So I had this come up during a tournament this past weekend and I was just trying to get some different perspectives on how people feel about using games that allow stealing locks in multiplayer games.
Do TDs typically do single player games, or do you feel that lock stealing is just part of the game?
Part of the game. But if you disagree, and do not have a lot of games to choose from, I can understand you deciding to use it as a one player game. But if you you have the luxury, I’d rather the game not be used if you don’t want it to be played multiplayer.
Even within the lock-stealing subgenre, there are games that are worse than others.
Fire is one of the absolute worst because the state is basically the same across all players, including work needed to do to relock balls after someone steals your multiball.
Other games multiball is so trivial (SOF), it’s hard to argue it’s that much of a handicap.
Most WPC games where this is an issue (manual-plunger-only games) handle it correctly by either zeroing your locks on ball start regardless of progress (FH, TOTAN), or giving the opportunity for easy reloads (TAF).
I’ll go against what seems to be the grain here and say that yes, just use it as it’s designed. Lock stealing for better or worse will figure into your strategies, and it becomes a risk/reward thing. Yes, you can get those balls locked, but make sure you collect your multiball. Some games like Doctor Who you can mess up your opponents by sticking the balls in the locks and NOT getting the multiball, making them survive a risky virtual lock//loss of easy feed to the right flipper.
Some games like F14 it doesn’t matter if someone steals your locks because you will reload them next ball (and get some extra [underserved] amount of points to do so).
The people that voted 64-0 against multiplayer games, well, of course you would, that way you CAN’T lose your locks. Unless it leaves them in there at the end of the game like flight 2000 does (and can be set to give credit for the locks to the next player…)
I guess my train of thought kind of goes along with @pinwizj thoughts on having zero ball saves during competition; it’s standardized for everyone. Why should a player get what’s effectively another ball and rewarded for inaccuracy? To that end, why should player 2 (or 3/4) be able walk up to a game on ball 1 with multiball ready to go without having touched the game yet? It just feels like a huge advantage and to me doesn’t represent a players complete game.
And sure, the era/types of games have to be taken into consideration.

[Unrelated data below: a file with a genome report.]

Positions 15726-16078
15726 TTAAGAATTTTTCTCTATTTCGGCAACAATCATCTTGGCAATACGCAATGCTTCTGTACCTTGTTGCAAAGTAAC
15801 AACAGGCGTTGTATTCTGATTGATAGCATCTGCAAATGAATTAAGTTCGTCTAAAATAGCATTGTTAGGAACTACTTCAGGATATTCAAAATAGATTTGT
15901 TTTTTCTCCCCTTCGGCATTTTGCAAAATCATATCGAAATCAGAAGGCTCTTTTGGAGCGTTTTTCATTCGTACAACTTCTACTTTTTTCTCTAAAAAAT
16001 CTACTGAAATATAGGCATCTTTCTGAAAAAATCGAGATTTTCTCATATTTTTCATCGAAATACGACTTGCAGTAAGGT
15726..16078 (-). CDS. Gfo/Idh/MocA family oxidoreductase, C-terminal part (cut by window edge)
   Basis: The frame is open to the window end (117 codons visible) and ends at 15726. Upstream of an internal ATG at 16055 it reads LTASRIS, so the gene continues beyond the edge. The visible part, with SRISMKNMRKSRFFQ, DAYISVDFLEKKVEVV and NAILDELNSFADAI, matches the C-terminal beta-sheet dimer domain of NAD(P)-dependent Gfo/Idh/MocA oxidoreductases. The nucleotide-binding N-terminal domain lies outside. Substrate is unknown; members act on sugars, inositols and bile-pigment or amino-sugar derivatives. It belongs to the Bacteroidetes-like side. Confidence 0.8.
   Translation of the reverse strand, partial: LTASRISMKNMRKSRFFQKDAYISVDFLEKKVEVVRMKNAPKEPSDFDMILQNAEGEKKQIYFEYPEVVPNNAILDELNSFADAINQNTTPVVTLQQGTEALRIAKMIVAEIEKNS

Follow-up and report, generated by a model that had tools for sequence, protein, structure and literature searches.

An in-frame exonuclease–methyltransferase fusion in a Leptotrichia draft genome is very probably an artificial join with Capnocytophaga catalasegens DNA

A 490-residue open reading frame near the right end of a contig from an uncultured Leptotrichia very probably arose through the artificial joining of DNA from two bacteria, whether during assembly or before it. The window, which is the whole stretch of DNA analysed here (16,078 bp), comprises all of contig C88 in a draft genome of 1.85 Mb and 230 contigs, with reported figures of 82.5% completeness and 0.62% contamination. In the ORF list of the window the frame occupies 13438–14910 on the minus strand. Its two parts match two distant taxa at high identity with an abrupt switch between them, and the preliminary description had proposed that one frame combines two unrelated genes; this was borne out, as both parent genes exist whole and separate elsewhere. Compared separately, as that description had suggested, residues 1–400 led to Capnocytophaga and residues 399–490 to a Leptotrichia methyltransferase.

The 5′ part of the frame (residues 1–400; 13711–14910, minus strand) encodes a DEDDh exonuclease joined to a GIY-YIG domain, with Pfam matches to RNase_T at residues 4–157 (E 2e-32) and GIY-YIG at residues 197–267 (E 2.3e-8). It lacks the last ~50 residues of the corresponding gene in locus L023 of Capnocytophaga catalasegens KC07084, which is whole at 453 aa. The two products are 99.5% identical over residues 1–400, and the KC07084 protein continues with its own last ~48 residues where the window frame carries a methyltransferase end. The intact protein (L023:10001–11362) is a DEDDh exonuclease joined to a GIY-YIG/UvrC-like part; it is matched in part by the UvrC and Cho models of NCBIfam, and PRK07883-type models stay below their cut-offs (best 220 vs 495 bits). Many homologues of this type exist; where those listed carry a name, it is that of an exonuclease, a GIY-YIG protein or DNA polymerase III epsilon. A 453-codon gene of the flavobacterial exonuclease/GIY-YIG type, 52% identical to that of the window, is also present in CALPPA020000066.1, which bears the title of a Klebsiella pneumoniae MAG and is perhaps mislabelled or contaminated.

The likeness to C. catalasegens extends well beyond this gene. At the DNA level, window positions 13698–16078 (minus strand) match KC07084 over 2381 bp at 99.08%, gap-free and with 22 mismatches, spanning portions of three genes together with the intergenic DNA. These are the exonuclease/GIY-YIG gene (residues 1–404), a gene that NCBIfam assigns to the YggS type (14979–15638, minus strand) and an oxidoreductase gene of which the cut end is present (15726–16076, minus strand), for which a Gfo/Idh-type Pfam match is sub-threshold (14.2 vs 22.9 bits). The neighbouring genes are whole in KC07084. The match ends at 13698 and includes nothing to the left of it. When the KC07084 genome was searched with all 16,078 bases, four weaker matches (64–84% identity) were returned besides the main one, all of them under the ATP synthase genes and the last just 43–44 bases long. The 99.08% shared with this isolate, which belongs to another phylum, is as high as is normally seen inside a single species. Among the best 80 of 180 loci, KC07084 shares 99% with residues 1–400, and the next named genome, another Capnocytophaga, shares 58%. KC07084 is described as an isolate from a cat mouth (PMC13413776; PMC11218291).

Remember… this is MATCH play. Your game isn’t just player vs machine… it’s player verse your direct opponent. I think it gets messy when you start comparing scores across matches… but for match play directly the the idea of ‘my choices may influence the game of other players’ is entirely in step with both pinball and match competition.
Player choices and success/failure having an impact on their competitors is all fair game to me. (and is seen all over in pinball)
To me… a player failing and leaving an opportunity for another player is not any different from failing to complete a scoring objective, thus influencing how the other person plays.
I keep hearing Fire! Is one of the worst lock stealing games because it’s a slog to get the locks again. Don’t forget it only takes two shots to lock a ball. Advance bonus X via the lit horseshoe, shoot ladder ramp.
On the assumption that it’s Match Play, then I think that it’s part of the game dynamic of risk/reward as other people have pointed out. It also influences where you want to position yourself in terms of player position (i.e. “John Q. usually can lock ball 1 but I’ve seen him drain after that, so I’ll make sure to go directly after him.”
I feel the trade-off with going to single-player games is you lose the in-game dynamic of knowing how you’re doing after each person’s ball and how that might affect your strategy (i.e. I’m really behind after ball 2 so I’m going to play riskier, or I’m really ahead so I’m going to start chipping away at safe shots). If it’s single-player you then have a lot more emphasis on position choice (much like an 1-Player EM game).
I will say it depends on the game. Lock stealing is not an absolute no-go for competition. It can add flavour to matches. And a nice variaty of games and strategies. Some are horrible, Radical and Fire. While others are just fine, Taxi.
I use the terms hard lock-stealing and soft lock-stealing. Where hard is when opponents benefit from your progress. And soft is where (your) balls are mearly removed from a playfield lock. Forcing you to re-lock. Or re-lock by design requirement, as Funhouse. Clearly, hard lock-stealing is the worse for competition.
I will say, that the cross-games/cross-players shared jackpot is generally a far worse bias than shared lock. Or even shared multi-ball progress. This was clearly a trend at the time, with a coin play revenue in mind. Which I understand and respect. I would like to say. Pool Sharks starts at 1M and maxes at 9M. That is quite a leap.
And, keep in mind. Shared jackpot games are not evened out by playing as single player games. Nor by a power cycle.